Although, if you do plan to buy the Xiaomi Mi 10, I highly recommend you buy the enticingly-priced Mi 30W Wireless Charger. The well-designed wireless charger comes with a fan and can fully charge the Mi 10 in about 80 minutes. according to Xiaomi. Unfortunately, I haven’t found this to be true in my usage of over two weeks. The quickest I’ve managed to charge the phone using the wireless charger is about 100 minutes. But this depends a lot on the ambient temperature. If you’re in an air-conditioned room, you can expect quicker results.
Despite the slower charging speed, the wireless charger is just a great way to charge the phone relatively quickly and when you couple it with Google’s Ambient Mode, the 30W Wireless Charger found a permanent spot on my work desk.
Also, the phone does have support for 10W reverse wireless charging that can charge devices and accessories that have support for Qi wireless charging.
What’s Not Smashable
One major gripe I have with the phone is that software experience is barely any different from that of the budget phones that we’ve seen from the house of Redmi. This is both good and bad. Good because you get a dearth of useful features like Ambient Display Customization, Game Turbo, and Second Space. Bad because there’s still bloatware and spam notifications.
The software situation is not exactly the same. For instance, most bloatware can be uninstalled. But some Mi applications like the Mi Video, Music, and ShareMe can’t be uninstalled. While their existence isn’t really a trouble, it’s the push notifications that some of these applications deliver is what irks me. Now while they’ve been claimed to not be ads, I don’t see it the same way. Tomato tomato. To be fair, we’ve even seen this on phones from other OEMs like Samsung and OnePlus to a certain extent.
Another change in the software is that the Xiaomi Phone and Message applications have been replaced by Google’s cleaner alternatives. Now while this might be a welcome change for all, I’m unperturbed by it. In fact, I’m slightly disappointed as Google’s Phone application doesn’t have support for recording calls, something that’s possible with Xiaomi’s Phone application.
Also, there’s still no app drawer present. While I quickly changed my default to the Lawnchair launcher, I really wish Xiaomi worked on a launcher for its premium range of Mi smartphones. This would also help Xiaomi differentiate the software a bit from its more affordable offerings. We saw POCO do something similar with its POCO launcher.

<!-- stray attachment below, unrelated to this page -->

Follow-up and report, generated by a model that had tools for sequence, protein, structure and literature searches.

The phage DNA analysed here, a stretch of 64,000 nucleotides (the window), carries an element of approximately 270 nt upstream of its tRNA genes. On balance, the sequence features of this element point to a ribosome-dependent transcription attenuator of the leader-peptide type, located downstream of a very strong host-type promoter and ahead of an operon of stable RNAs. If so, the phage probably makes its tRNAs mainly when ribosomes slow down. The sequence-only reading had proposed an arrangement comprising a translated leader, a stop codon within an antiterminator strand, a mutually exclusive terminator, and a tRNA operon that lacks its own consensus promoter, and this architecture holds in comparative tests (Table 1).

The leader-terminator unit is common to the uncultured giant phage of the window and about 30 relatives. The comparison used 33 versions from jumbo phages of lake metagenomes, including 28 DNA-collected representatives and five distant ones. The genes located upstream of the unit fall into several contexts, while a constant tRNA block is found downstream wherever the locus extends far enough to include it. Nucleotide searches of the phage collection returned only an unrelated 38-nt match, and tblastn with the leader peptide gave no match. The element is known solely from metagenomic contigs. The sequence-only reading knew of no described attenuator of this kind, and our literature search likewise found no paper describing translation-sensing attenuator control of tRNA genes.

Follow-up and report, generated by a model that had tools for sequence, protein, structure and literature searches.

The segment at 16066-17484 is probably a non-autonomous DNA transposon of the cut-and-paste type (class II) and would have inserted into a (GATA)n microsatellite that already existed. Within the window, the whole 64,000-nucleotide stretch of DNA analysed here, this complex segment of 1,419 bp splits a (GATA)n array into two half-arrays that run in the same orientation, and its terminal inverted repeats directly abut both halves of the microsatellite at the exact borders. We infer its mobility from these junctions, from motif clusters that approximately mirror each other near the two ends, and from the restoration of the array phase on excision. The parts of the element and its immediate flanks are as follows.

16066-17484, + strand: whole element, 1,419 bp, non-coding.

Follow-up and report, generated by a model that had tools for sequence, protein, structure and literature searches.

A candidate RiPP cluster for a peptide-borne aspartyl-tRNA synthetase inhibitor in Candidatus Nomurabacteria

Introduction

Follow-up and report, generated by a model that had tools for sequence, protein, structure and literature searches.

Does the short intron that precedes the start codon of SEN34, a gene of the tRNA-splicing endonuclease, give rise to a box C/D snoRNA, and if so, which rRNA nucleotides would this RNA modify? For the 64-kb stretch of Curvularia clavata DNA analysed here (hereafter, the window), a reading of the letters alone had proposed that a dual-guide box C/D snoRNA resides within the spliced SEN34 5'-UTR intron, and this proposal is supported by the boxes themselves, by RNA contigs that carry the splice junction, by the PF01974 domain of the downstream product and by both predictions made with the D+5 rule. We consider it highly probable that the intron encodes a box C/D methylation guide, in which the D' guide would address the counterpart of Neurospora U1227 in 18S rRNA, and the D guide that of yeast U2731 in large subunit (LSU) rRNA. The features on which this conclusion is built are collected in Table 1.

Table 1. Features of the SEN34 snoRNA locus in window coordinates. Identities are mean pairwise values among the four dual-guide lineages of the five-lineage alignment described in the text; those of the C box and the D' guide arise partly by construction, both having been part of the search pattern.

Lastly, I’d like to mention that it’s June but the Mi 10 is still stuck on the March Android security update and for some reason, the phone hasn’t even found a place in the first rollout of MIUI 12.
Wireless charging and an IP rating are two features that although might not seem necessary to most, have come to be staple offerings across all premium flagships. While the Xiaomi Mi 10 does have support for fast wireless charging, it doesn’t offer any IP rating. The phone only comes with a P2i coating that we’ve seen on the Redmi Note line-up too. An official IP rating would’ve really been appreciated here.
“Okay, can you just tell me if the Xiaomi Mi 10 is worth it’s asking price of INR 49,999?” In a nutshell, yes. The Xiaomi Mi 10 gets a lot of things right. The phone has a great AMOLED panel, blazing performance, an excellent primary camera, quick wired and wireless charging, a really good set of stereo speakers, and appreciable build and design. Although, it’s not perfect, The quad-camera moniker rides heavily on the primary sensor, there’s still bloatware and spam notifications, and there’s no IP rating.
Unfortunately, since Xiaomi wasn’t able to manufacture the Mi 10 in India, the import duties have added to the price of the phone. This might be slightly bothersome for Xiaomi as the market has a bunch of other Snapdragon 865-powered phones for much cheaper. But then again, the Xiaomi Mi 10 has a lot more to offer and if you’re not looking to derive snob value from the phone, the Xiaomi Mi 10 is a great smartphone.
All said and done, I’m personally glad that Xiaomi finally decided to introduce their flagship smartphones to the Indian market. In the larger scheme of things, a formidable player like Xiaomi will really spice up the flagship segment in the years to come and history is proof that stiff competition has only proved to be beneficial for consumers at large.
It’s the start of something more.
Image Credits: Prasham Parikh | Mashable India